But now, that was not to be. All destroyed by a few nebulous shadows, a few reeking pieces of crap, camouflaged amongst the millions who throng the streets every day.

Amongst these millions, would also be Nandini’s neighbours, who were oblivious to her eerie shrieks for help. Amongst them, would also be the policemen who preferred to ignore the repeated complaints from Nandini and Shyama about threats from specific individuals; and who now, supposedly, did not have any headway into the case even after twelve hours. These millions would also constitute the politicians and government officials, who enhanced their bank balances with the money earmarked for providing street lighting and security to the locality – sweeteners that most political parties would promise as long as they campaigned for votes, but would forget once they came to power. These millions would constitute so many more.

A sharp, burning sensation in my fingers jolted me back into my life. My cigarette had burnt to the butt, forming a rather long tube of ash. The half-conscious swing of my hand dropped the ash into my drink. I gulped it down my throat. My eyes fell on to my daughter’s photograph, which covered a good twenty percent of the wall in front of me. I looked at my fourteen-year-old Nyssa. She was looking into my eyes, smiling.

She was on a two-day trip to Mahabaleshwar from school. She would be enjoying the break. But was she safe? I was paranoid. I tried calling her mobile, but it was not responding. I then realized that it was already eleven. She would have slept and she keeps her mobile on silent before going to bed – I reasoned.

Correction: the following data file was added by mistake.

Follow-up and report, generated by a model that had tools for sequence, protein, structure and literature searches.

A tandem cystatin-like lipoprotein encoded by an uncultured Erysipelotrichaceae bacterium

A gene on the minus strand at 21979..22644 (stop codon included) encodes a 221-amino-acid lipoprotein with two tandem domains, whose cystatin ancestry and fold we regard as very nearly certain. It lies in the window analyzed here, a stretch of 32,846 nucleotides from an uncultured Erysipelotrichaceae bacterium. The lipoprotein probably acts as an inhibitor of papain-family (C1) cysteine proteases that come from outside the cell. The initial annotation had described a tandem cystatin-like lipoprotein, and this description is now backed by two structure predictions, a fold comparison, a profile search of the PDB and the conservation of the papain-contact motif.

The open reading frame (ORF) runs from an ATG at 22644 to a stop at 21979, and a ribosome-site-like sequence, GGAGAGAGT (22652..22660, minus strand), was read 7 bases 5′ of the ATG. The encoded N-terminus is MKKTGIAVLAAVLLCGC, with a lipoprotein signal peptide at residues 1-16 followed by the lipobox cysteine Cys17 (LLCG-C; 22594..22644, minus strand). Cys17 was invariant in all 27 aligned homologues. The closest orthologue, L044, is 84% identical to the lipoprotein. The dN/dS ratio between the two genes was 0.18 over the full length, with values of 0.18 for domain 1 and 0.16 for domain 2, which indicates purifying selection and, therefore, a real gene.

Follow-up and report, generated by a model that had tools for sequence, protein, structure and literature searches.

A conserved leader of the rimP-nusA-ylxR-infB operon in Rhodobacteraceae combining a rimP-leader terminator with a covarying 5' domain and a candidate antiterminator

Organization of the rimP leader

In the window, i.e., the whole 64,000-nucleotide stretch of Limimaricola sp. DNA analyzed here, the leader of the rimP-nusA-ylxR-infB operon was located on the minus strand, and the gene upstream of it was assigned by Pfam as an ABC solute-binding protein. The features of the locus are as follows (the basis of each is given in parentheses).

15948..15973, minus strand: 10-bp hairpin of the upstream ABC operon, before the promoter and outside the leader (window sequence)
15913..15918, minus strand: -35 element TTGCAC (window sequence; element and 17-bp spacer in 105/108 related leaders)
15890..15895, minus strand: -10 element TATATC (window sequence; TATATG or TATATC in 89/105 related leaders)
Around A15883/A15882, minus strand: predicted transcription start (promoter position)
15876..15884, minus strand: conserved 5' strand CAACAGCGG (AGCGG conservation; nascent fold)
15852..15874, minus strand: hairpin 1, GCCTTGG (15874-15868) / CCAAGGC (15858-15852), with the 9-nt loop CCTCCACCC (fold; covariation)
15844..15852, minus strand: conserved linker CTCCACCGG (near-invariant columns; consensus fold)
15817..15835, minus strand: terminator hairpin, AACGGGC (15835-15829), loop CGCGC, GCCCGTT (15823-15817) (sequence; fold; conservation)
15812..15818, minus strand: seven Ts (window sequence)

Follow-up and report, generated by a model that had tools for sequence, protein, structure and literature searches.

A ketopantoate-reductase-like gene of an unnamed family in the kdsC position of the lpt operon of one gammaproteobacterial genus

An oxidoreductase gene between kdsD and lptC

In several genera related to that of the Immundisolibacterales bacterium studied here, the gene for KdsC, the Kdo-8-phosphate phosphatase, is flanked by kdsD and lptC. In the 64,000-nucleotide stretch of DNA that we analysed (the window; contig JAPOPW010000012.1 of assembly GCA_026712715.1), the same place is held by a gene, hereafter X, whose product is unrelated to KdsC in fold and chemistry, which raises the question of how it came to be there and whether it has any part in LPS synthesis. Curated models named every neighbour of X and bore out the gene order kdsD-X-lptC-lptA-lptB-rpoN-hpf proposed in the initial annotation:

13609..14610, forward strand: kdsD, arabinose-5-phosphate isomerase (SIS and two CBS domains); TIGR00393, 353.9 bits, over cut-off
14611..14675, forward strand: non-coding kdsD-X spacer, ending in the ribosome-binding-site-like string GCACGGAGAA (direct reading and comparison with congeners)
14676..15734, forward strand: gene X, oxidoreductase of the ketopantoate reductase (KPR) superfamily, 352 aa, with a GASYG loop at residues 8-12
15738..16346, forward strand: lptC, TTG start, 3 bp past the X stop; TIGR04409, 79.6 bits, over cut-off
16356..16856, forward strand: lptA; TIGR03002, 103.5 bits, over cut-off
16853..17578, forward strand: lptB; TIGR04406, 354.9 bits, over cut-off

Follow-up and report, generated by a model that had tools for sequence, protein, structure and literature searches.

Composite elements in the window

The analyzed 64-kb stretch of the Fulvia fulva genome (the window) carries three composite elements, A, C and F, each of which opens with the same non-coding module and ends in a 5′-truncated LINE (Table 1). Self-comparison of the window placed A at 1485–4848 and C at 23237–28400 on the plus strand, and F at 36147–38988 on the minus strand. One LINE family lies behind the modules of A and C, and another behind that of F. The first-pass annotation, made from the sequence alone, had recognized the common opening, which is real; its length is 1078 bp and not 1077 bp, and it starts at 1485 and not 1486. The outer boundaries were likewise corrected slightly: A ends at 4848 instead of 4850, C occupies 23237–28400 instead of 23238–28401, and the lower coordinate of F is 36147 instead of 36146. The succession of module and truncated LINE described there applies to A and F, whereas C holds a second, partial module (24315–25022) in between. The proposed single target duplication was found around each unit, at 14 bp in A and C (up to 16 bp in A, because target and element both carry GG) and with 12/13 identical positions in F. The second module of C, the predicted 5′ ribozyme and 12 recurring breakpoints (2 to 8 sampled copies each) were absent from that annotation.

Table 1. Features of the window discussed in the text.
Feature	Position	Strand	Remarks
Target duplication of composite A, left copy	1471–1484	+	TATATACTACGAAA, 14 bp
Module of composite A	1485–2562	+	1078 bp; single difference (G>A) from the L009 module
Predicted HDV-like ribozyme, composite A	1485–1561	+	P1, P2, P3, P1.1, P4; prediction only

Once again, I was unable to look into Nyssa’s eyes for too long. It was sinister. I switched off the TV. I was drunk and it was time to go to bed. It was raining again. The Mumbai traffic would be awfully slow the next morning. I would need to leave early to be on time for a 10am meeting.

I lay on the bed, but sleep eluded me. I have always believed in making the most of the present moment. There is no point in thinking about the past. I would not be able to change it anyway. As for the future, who knows what that holds? Why sweat about it? ‘Life is here, life is now, and this is how!’ – has been my philosophy.

However, at that moment, it was impossible to live up to this attitude. I was reminiscing the past and dreading the future more than I ever had.

Twenty-two years. Almost a lifetime.

The scenes were still distinct, even as they played out in front of my partially closed eyes. I had gone to her house, to comprehensively experience her beautiful form, one last time. With my father dead, I knew that I would not return to Kodanad. I was prepared. I drugged her dog with some biscuits. The noisy, rusty mongrel had always been a menace. It would bark right through and attract undesired attention.

The vivid impressions of her earnest implorations to be a little compassionate and safe, filled my corrupt mind. Her requests fell to deaf ears. I imposed myself on her. After all, I was the man; a young engineer earning lakhs in an MNC. I could do anything I had wanted.

As our bodies touched against each other, I was drowned in ecstasy. I could hardly identify her shame, her agony and repulsion, while she was approached by my repugnant, murky, shadowy form. It rubbed against every inch of her body, in the same manner as their forms rubbed against Nandini’s.

Yet, she continued to tolerate me, although she knew quite well that I was, long, emotionally detached from her. Perhaps she had loved me. Perhaps she had not quite expected that this would be the last time that she would see me.

But, that was, indeed, the last time I had seen Shyama, before I saw her mourning her daughter’s death, on TV, earlier that day…

Well, I am a high-flyer. I have my family; and although a broken one now, I love my daughter, Nyssa, and want an impeccable future for her. Where would I have the time to look beyond all of these; least of all, a Shyama, whom I had dumped for Providence to take care of, twenty-two years ago? What happened then were just strokes of indiscretion…the novelties of youth…nothing more than that. Life goes on.

And then, it definitely had to be the fantastic handiwork of my flustered mind or sheer coincidence that Nyssa’s face bore an uncanny resemblance to the photographs of Nandini, which were being splashed across the news channels that day.